Nintendo’s NES Classic Mini quickly sold out once it hit shelves. A replica of the Nintendo Entertainment System (NES) but with a smaller footprint, it’s essentially a quad-core Linux PC. Boasting about 30 built-in games and a replica controller, the NES Mini is no doubt a neat concept. However, despite its ingenuity, there are likely better devices that meet the same purpose. Check out the top NES Classic Mini alternatives!
The Raspberry Pi is a versatile piece of hardware. From coffee makers to smart home hubs, the Pi can be adapted to almost any project. One of the easiest and most gratifying it use as a retro gaming console. It’s as easy as installing an appropriate distro like RetroPie (read how to get started here) and loading ROMs.
A Raspberry Pi mainboard runs about $35 USD, but I highly recommend stepping up to a kit. Raspberry Pi kits are about $60. This is a simple way to play not only NES ROMs, but games from almost any retro system. Yet while the Pi has a small footprint and low starting price, you’ll need to procure your own ROMs and there’s no support. You’re on your own for troubleshooting.
Ultimately, the availability of forums for support and the cheap cost make this a viable NES Classic Mini alternative.
Nvidia makes some sweet hardware, and the SHIELD TV is no exception. The beefy SHIELD TV sports 4k HDR support. An Android set top box, it’s brings access to the Google Play store to your TV. Android emulators (available via the Play store) handle ROM emulation.
An Nvidia SHIELD TV is an excellent overall console, but it does not run cheap. The Tegra-powered beast of a console though does feature PC game streaming, so you can use it to play select computer games on your television. If you’re only seeking an NES Classic Mini replacement, this might not be the solution for you. But for those looking for an impressively speced game console/streaming player that can even double as a Plex server as well as client, look no further.
The Mad Catz M.O.J.O. spectacularly stumbled upon initial release. While at first the M.O.J.O. as a bit of a dud, a later patch transformed the Mad Catz M.O.J.O. into an excellent device. It’s much more affordable when compared to the SHIELD TV, though not as powerful. With a controller, access to the Google Play store, and therefore emulators, the M.O.J.O. provides a thriving landscape for gaming, both retro and new.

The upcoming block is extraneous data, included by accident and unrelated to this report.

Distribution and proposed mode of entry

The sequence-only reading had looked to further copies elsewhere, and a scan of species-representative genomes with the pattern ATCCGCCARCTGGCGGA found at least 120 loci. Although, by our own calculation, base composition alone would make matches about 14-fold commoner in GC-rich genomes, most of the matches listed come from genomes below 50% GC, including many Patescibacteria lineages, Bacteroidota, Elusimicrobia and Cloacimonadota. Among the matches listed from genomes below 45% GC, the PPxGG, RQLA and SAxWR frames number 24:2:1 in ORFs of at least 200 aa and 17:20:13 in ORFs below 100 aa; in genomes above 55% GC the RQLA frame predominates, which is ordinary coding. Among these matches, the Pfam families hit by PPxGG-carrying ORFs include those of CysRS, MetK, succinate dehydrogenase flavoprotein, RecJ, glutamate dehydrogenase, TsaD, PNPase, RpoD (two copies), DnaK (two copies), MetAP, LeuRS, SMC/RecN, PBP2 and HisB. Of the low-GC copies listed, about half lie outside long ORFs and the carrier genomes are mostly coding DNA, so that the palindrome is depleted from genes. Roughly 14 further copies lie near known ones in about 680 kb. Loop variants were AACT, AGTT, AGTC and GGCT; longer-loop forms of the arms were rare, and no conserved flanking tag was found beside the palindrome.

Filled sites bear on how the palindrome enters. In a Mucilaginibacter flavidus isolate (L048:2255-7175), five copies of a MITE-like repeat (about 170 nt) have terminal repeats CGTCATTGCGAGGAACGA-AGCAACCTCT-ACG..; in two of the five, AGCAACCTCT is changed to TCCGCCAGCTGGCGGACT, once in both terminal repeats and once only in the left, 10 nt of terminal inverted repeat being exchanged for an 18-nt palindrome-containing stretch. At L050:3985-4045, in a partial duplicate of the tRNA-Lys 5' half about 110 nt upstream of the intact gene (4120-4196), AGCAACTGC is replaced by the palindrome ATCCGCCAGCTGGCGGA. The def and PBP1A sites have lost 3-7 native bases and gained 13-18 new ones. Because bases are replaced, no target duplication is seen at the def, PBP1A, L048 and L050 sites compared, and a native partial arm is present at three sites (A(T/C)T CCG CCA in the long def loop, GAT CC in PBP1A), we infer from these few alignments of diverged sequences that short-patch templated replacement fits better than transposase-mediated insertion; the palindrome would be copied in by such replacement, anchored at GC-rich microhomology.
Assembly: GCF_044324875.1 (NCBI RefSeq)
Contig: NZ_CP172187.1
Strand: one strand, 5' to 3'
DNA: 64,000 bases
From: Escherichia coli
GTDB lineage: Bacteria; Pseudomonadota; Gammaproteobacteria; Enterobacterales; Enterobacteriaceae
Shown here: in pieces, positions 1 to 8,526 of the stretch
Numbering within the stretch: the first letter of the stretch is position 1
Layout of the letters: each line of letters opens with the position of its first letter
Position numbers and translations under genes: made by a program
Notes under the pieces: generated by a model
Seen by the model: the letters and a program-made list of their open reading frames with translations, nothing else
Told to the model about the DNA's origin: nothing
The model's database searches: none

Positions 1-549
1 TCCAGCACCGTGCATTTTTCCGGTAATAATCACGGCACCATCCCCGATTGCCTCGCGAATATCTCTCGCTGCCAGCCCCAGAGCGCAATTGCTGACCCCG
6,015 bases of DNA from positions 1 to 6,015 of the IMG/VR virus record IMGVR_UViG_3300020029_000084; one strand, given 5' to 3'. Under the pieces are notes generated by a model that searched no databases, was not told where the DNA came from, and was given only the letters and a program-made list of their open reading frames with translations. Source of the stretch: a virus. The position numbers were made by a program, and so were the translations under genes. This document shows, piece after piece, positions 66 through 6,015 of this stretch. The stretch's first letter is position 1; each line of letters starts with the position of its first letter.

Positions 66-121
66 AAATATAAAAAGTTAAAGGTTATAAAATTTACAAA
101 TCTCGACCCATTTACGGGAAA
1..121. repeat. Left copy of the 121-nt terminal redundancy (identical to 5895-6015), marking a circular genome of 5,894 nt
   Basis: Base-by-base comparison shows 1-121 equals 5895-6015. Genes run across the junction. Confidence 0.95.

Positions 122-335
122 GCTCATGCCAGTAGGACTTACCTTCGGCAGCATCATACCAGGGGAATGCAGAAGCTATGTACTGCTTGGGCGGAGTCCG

Like the SHIELD TV, the M.O.J.O. serves as a streaming client so you can use it to stream from Netflix, Hulu, Plex, and more via the Android apps. Bonus points for being easily rootable.
Dust off that shoebox of cartridges. If you were forward-thinking enough to save physical copies of your old games, you’re in luck. Consoles like Hyperkin’s RetroN 5 can play games from not only the NES, but the SNES, Sega Genesis, and GameBoy/Color/Advance. And with a device like the Retro Freak, you can even rip your own ROMs from physical game copies. Unfortunately though, the Retro Freak doesn’t support NES games.
Missed out on the NES Classic Mini? There are loads of other choices, and some of these may even best the NES Mini. Ultimately, the decision comes down to what you value: a wide game library vs. an out-of-the-box solution. By opting for a ROM/emulator set up, you therefore have access to a bevy of games from not just the NES but a smörgåsbord of other consoles. Yet this requires the slog of obtaining the ROMs, sideloading them, and often tweaking.
The NES Mini offers a plug-and-play set up. Yet the game selection is limited and not expandable. Mostly, the NES Mini delivers on the nostalgia factor. [Read More: NES Mini Alternatives via MakeUseOf]
What are you using so satiate your retro gaming fix?